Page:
OAKLEY -- A high-profile restaurant here that hasn't yet opened was cited this week for serving food without a permit.

The owner of Carpaccio Ristorante at Main Street and Vintage Parkway will have to pay $2,526 -- three times the cost of the food facility permit it's applied for -- before the county will sign off on the document, said Marilyn Underwood, director of Contra Costa Health Services' Environmental Health Division.

Two inspectors visited the site Wednesday and spoke to owner Manuel Muñoz, who said that some of the food served at the Contra Costa County Mayors' Conference on Dec. 6 was prepared at his restaurant.

Although the business is out of compliance, "it doesn't necessarily mean that their operation was not safe," said Underwood, adding that she spoke with a few people she knew who attended the event.

"They felt fine afterward," she said.

The city of Oakley, which hosted this year's gathering, had planned to hold the meal following the business meeting at Carpaccio, which is directly opposite City Hall.

But although crews worked hard to complete the finishing touches in time for the festivities, the night before the event they were still hammering wine racks together and some of the flooring's finish hadn't completely dried.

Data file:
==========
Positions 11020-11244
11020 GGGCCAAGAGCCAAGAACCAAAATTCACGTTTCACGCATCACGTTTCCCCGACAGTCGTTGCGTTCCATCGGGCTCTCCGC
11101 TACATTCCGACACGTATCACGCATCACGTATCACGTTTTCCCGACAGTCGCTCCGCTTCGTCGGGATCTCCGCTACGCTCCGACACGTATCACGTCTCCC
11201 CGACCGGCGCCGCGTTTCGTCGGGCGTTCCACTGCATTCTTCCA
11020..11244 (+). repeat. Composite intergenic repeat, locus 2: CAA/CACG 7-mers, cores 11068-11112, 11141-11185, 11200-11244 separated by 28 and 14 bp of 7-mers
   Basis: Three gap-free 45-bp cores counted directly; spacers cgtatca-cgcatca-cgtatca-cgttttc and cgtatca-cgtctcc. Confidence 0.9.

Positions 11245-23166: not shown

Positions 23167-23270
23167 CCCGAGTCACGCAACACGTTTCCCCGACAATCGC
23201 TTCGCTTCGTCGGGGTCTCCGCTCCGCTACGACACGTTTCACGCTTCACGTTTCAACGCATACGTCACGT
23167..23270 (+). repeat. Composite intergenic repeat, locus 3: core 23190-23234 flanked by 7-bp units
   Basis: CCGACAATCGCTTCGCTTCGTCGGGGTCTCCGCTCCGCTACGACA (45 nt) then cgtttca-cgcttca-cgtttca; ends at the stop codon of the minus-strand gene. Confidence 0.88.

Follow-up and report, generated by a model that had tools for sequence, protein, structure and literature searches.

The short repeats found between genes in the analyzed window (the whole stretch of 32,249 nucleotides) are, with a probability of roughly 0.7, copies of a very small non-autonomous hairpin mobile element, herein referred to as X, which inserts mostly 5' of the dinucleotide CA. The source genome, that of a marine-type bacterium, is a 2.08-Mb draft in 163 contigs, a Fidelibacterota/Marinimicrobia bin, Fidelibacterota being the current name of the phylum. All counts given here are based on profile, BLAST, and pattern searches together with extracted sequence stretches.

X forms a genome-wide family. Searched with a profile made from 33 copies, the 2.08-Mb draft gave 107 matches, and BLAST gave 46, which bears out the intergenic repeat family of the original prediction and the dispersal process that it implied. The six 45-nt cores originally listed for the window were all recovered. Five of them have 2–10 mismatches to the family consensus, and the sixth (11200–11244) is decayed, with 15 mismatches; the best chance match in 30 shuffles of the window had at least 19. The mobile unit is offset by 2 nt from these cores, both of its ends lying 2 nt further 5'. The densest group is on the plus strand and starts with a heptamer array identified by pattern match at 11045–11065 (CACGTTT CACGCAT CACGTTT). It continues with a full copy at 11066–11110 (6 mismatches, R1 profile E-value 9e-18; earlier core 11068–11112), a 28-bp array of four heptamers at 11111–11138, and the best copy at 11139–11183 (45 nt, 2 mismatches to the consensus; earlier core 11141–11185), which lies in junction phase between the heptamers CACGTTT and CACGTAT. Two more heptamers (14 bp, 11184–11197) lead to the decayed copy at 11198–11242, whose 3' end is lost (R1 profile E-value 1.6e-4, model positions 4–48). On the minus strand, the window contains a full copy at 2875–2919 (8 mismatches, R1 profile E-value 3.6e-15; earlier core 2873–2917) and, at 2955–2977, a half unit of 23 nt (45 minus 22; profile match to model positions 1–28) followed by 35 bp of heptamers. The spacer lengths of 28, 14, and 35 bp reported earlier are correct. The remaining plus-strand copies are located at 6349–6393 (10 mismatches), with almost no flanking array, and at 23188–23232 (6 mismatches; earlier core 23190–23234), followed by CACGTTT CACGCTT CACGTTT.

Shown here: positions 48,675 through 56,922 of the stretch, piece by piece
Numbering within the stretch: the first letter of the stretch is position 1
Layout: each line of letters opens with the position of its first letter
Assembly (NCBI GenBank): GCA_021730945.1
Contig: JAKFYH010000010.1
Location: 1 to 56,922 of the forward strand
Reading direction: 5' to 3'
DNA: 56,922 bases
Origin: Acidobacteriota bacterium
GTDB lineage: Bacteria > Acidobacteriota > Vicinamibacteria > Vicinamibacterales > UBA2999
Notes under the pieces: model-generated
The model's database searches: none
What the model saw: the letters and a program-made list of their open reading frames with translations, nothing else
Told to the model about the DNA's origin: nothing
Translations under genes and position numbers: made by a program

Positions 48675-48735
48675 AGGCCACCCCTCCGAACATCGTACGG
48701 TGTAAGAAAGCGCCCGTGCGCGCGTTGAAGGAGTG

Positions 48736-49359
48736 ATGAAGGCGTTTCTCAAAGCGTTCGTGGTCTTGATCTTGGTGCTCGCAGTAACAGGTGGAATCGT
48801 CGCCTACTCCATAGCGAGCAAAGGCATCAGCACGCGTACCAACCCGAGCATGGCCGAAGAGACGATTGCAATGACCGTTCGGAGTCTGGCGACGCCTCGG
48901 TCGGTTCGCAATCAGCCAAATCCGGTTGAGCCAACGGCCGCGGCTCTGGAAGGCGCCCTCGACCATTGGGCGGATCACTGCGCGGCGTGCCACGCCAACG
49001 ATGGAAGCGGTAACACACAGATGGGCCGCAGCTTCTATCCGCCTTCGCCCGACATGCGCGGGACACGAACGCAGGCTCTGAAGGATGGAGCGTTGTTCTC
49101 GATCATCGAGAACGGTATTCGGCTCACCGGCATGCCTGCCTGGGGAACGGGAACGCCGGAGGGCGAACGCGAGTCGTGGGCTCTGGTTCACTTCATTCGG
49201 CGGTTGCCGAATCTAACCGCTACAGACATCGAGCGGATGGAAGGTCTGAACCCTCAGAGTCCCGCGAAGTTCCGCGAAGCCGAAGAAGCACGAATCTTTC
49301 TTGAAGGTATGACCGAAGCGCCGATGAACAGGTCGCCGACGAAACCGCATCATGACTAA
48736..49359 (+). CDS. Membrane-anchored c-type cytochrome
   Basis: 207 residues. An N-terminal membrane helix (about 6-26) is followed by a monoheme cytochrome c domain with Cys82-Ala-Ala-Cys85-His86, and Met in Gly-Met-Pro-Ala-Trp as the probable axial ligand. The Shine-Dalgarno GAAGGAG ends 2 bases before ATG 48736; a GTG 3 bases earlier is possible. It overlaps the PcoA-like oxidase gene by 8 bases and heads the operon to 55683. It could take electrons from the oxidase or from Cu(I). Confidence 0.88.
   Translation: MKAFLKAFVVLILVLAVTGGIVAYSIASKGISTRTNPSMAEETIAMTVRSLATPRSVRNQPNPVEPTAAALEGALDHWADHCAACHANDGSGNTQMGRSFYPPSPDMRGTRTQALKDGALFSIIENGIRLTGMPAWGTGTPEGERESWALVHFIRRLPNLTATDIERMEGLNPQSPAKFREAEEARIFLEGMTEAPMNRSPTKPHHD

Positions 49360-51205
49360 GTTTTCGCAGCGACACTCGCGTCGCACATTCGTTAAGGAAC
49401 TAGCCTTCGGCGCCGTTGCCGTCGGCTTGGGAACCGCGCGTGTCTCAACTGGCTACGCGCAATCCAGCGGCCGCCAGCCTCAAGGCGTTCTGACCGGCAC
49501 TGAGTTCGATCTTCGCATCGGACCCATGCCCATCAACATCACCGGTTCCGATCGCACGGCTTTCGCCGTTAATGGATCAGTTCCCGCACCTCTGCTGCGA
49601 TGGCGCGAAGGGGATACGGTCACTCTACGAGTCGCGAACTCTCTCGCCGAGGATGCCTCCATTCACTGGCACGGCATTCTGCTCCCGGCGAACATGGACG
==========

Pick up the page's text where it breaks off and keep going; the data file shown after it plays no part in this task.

So city leaders and Muñoz decided at the last minute to bring the food to the guests instead, and vans trundled food trays across the road to the council chamber.


Advertisement

Because workers were only preparing cheese and fruit platters at the restaurant -- nothing like red meat or fish that could spoil -- Muñoz said he thought he was in the clear. The rest of the food came from his brother's restaurant in American Canyon, he said.

"I make a really big mistake," he said.

Carpaccio also skirted fire safety rules, which stipulate that alarms, sprinklers and, in the case of a restaurant, commercial kitchen suppression systems must be installed and working before employees can do any on-site work.

As of Dec. 6, inspectors had not signed off on this equipment, according to Fire Marshal Lewis Brochard of the Contra Costa County Fire District.

Muñoz said he assumed he could use the premises because he wasn't cooking anything.

Carpaccio doesn't yet have a license to serve alcohol, either -- the state won't grant that permission until it has conducted a final inspection -- but the law makes an exception for private events where alcohol is neither sold nor normally stored and served.

The wine at the invitation-only conference was donated by a winery and waste disposal company, according to City Manager Bryan Montgomery.

Contact Rowena Coetsee at 925-779-7141. Follow her at Twitter.com/RowenaCoetsee.